Sense and Sensibility at the Book-It Repertory Theatre in Seattle – A Review

Cast of Book-It Reperatory Theatre's adaptation of Jane Austen's Sense and Sensibility 2011

“Happy, happy Elinor, you cannot have an idea of what I suffer.”

“Do you call me happy, Marianne? Ah; if you knew! And can you believe me to be so while I see you so wretched!”

– Sense and Sensibility, Chapter 29

Happiness and suffering, and the emotional extremes that cause it, is an important theme in Jane Austen’s Sense and Sensibility that was well served in a new stage adaptation of her novel premiering at the Book-It Repertory Theatre on June 3rd at the Centre House Theatre, Seattle Center. It is the Rep’s fourth Austen novel to stage production after the highly successful Pride and Prejudice in 2004, Persuasion in 2008, and Emma in 2010. Their interpretations of Austen are always brisk, lighthearted and memorable. Jane Austen has been very good to the Rep, and obviously, audiences have felt that the Rep has been likewise to Jane Austen. Continue reading “Sense and Sensibility at the Book-It Repertory Theatre in Seattle – A Review”

Preview of Pride and Prejudice at the Oregon Shakespeare Festival

(Can you identify the four Bennet sisters left to right in this photo? Answer at bottom of post!)

Jane Austen’s beloved novel Pride and Prejudice continues to allow us to “make sport for our neighbours, and laugh at them in our turn” as a new stage production opened on February 21st, 2010 at the Oregon Shakespeare Festival in Ashland. Adapted by Joseph Hanreddy and J. R. Sullivan, this play premiered to positive reviews at the Milwaukee Repertory Theater in March 2009.

Although the theatricalization of novels can be enormously challenging, Hanreddy and Sullivan found a way to retain every major subplot and nearly every character. More importantly, the collaborators captured “Pride and Prejudice’s” tone when they moved the book to the stage. Damien Jaques Milwaukee Journal Sentinal

Hanreddy is also the artistic director the the Milwaukee Rep and discusses his choice and experience adapting Austen’s classic novel to the stage in this interesting interview.

The reviews from the Oregon production have been rather mixed, so one wonders out loud if and how they have changed it or, now that it is on the road and does not have home team advantage of local publicity that reviewers are being more honest. Horrors! Marty Hughley of the Oregonian has given it the worst possible insult – that it lacks passion!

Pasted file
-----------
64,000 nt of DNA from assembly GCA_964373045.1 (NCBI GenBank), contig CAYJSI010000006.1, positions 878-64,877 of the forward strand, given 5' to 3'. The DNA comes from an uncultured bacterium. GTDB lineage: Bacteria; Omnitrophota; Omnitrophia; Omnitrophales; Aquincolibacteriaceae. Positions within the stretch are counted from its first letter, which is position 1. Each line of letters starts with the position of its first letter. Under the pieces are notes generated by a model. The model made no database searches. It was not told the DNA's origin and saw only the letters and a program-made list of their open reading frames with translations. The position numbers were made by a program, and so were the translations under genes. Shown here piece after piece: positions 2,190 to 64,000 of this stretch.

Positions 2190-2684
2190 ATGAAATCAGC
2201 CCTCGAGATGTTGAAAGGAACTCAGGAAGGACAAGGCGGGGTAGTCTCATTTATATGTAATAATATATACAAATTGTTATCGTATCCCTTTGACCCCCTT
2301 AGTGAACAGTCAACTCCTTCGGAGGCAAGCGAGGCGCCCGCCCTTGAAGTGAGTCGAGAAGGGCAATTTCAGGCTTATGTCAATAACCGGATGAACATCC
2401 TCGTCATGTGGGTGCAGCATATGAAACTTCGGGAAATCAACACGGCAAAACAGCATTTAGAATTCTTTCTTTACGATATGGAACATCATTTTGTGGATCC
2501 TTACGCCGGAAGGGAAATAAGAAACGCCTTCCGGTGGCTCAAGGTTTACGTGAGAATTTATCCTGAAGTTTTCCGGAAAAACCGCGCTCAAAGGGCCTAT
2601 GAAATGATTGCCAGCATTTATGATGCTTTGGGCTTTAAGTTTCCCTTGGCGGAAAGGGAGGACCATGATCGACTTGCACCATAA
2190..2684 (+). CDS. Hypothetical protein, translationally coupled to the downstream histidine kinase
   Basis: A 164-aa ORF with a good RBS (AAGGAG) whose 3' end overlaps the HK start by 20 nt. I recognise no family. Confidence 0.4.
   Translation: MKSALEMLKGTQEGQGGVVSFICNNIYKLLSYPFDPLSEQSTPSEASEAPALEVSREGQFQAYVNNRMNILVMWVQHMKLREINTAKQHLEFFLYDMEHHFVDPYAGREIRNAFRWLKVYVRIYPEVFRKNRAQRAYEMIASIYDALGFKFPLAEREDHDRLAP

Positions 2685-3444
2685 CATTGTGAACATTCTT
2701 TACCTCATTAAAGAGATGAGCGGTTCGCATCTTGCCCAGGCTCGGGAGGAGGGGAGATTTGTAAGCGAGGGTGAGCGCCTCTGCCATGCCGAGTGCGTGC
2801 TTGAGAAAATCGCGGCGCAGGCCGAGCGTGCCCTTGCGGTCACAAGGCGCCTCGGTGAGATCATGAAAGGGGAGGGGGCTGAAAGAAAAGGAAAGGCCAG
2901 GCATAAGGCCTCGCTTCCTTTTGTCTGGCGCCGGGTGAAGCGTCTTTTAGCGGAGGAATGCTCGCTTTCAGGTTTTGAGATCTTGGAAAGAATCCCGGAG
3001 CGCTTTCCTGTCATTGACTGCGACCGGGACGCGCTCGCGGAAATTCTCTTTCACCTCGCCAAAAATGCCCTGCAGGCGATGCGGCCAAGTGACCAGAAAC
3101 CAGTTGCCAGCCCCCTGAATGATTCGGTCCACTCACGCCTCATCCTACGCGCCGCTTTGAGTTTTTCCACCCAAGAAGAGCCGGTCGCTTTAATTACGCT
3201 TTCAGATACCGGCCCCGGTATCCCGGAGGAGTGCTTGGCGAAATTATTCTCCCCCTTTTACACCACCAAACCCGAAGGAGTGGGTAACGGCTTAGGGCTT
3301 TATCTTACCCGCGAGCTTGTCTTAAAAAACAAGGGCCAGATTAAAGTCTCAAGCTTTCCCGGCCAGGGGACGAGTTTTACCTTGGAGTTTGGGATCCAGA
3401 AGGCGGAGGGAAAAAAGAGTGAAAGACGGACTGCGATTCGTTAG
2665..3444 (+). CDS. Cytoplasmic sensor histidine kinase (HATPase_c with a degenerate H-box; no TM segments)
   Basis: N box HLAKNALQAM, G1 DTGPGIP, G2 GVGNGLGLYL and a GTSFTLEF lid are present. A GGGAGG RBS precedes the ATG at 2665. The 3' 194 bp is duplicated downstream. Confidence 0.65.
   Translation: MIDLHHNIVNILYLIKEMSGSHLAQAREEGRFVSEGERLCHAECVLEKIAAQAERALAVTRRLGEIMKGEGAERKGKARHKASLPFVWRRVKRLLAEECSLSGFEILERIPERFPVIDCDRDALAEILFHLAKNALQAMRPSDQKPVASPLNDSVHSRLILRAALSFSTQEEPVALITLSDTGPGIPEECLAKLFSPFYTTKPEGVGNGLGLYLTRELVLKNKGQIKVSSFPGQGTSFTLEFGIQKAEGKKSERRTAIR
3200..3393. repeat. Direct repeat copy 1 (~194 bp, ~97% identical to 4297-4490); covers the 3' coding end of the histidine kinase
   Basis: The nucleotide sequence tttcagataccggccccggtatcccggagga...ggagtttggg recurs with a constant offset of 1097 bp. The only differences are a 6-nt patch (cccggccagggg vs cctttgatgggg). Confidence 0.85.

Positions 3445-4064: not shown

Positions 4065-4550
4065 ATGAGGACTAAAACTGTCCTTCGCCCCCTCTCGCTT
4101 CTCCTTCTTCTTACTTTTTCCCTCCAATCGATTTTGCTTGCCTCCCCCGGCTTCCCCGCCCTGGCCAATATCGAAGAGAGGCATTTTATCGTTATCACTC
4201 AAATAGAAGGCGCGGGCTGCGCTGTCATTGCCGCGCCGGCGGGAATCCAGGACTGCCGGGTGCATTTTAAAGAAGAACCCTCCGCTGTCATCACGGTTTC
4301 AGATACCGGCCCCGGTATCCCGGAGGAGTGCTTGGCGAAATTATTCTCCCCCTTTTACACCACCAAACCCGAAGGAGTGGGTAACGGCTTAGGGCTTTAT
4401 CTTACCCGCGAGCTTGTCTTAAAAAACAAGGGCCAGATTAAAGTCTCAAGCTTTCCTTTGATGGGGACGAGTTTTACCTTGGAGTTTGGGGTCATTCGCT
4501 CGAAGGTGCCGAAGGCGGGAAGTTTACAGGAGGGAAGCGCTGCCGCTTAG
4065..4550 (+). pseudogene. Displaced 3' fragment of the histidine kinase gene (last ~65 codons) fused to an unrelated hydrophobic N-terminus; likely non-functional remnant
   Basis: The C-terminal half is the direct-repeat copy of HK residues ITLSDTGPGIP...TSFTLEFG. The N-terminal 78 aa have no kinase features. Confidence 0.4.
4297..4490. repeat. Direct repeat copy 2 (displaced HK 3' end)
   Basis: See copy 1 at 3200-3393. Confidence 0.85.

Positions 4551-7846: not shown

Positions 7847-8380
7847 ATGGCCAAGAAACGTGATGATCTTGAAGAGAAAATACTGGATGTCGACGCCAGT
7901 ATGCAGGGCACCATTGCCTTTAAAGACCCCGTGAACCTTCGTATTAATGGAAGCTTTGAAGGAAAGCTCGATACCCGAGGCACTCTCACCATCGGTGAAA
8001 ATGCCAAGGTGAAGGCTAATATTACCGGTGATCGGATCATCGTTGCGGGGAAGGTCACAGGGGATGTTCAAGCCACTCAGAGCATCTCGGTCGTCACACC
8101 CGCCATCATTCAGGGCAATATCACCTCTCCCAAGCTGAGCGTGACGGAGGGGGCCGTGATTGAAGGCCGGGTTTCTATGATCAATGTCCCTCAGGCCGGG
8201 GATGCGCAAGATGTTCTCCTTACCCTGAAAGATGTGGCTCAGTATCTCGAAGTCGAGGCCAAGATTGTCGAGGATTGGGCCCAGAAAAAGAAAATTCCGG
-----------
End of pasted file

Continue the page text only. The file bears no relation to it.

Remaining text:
It’s also bloodless, with little in the way of sexual heat or even emotional charge to the stop-start romances that form the heart of the story. Part of that’s due to a sense of period-piece restraint, but part is due to a leading man, Elijah Alexander, who in his few OSF roles so far has distinguished himself as professionally handsome, and little else. Marty Hughley Oregonian

On an upbeat note, its charms do appear to outweigh its foibles:

In Jane Austen’s much-loved novel of manners, “Pride and Prejudice,” love and marriage may not go together like a horse and carriage. But the new stage adaptation by Joseph Hanreddy and J.R. Sullivan that opened Saturday at the Oregon Shakespeare Festival positively moves at a canter. It sparkles and enthralls and is delightfully played out in a charming, minimalist production with emphasis on dancing and music. Robert H. Miller Ashland Daily Tidings

Kate Hurster and Elijah Alexander spar, and ultimately woo, with sparks worthy of Jennifer Ehle and Colin Firth in the 1995 BBC version of the story, which launched the wave of Austen mania that continues, and which remains superior to the 2005 Hollywood version. Bill Varble Medford Mail Tribune

It’s exactly what you’re hoping for when you buy the tickets. It’s beautiful to look at, well-acted, romantic as well as melodramatic. John Casker, Ashland Link

Regardless of the decidedly mixed opinions, this Janeite is planning and plotting an excursion to Ashland for her birthday in May, and will politely remind reviewers that Bennet is spelled with one T and …

“It is particularly incumbent on those who never change their opinion, to be secure of judging properly at first.” Elizabeth Bennet Chapter 18

Pride and Prejudice at the Oregon Shakespeare Festival runs until October 31st, 2010 at the Angus Bowmer Theater in Ashland, Oregon. Additional information and tickets can be found online OSF website.

Pride and Prejudice, adapted from Jane Austen’s novel by Joseph Hanreddy and J. R. Sullivan
Directed by Libby Appel

Cast List

Fitzwilliam Darcy – Elijah Alexander
Elizabeth Bennet – Kate Hurster
Mrs. Bennet – Judith-Marie Bergan
Mr. Bennet – Mark Murphey
Jane Bennet – Nell Geisslinger
Lydia Bennet – Susannah Flood
Mary Bennet – Christine Albright
Kitty Bennet – Kimbre Lancaster
Charles Bingley – Christian Barillas
George Wickham – John Tufts
Mr. Collins – James Newcomb
Lady Catherine de Bourgh – Demetra Pittman
Caroline Bingley – Brooke Parks
Charlotte Lucas – Lisa McCormick
Sir William Lucas/Mr. Gardiner – Michael J. Hume
Lady Lucas/Mrs. Reynolds – Linda Alper
Mrs. Gardiner – Robin Goodrin Nordli
Colonel Fitzwilliam – Kevin Kenerly
Colonel Fitzwilliam – Rex Young
Ensign Denny/Servant – Jonathan Dyrud
Officer/Servant – Eymard Meneses Cabling
Officer/Servant/Ensemble – Nicholas Walker
Georgiana/Anne de Bourgh/Servant – Meryn MacDougall
Vocalist – Kay Hilton

*Answer to the photo quiz above: P&P Bennet sisters left to right: Elizabeth (Kate Hurster), Kitty (Kimbre Lancaster), Mary (Christine Albright) and Jane (Nell Geisslinger). Ok! When will poor Mary Bennet not be portrayed with glasses and high-neck frocks? No hope of ever, I fear.


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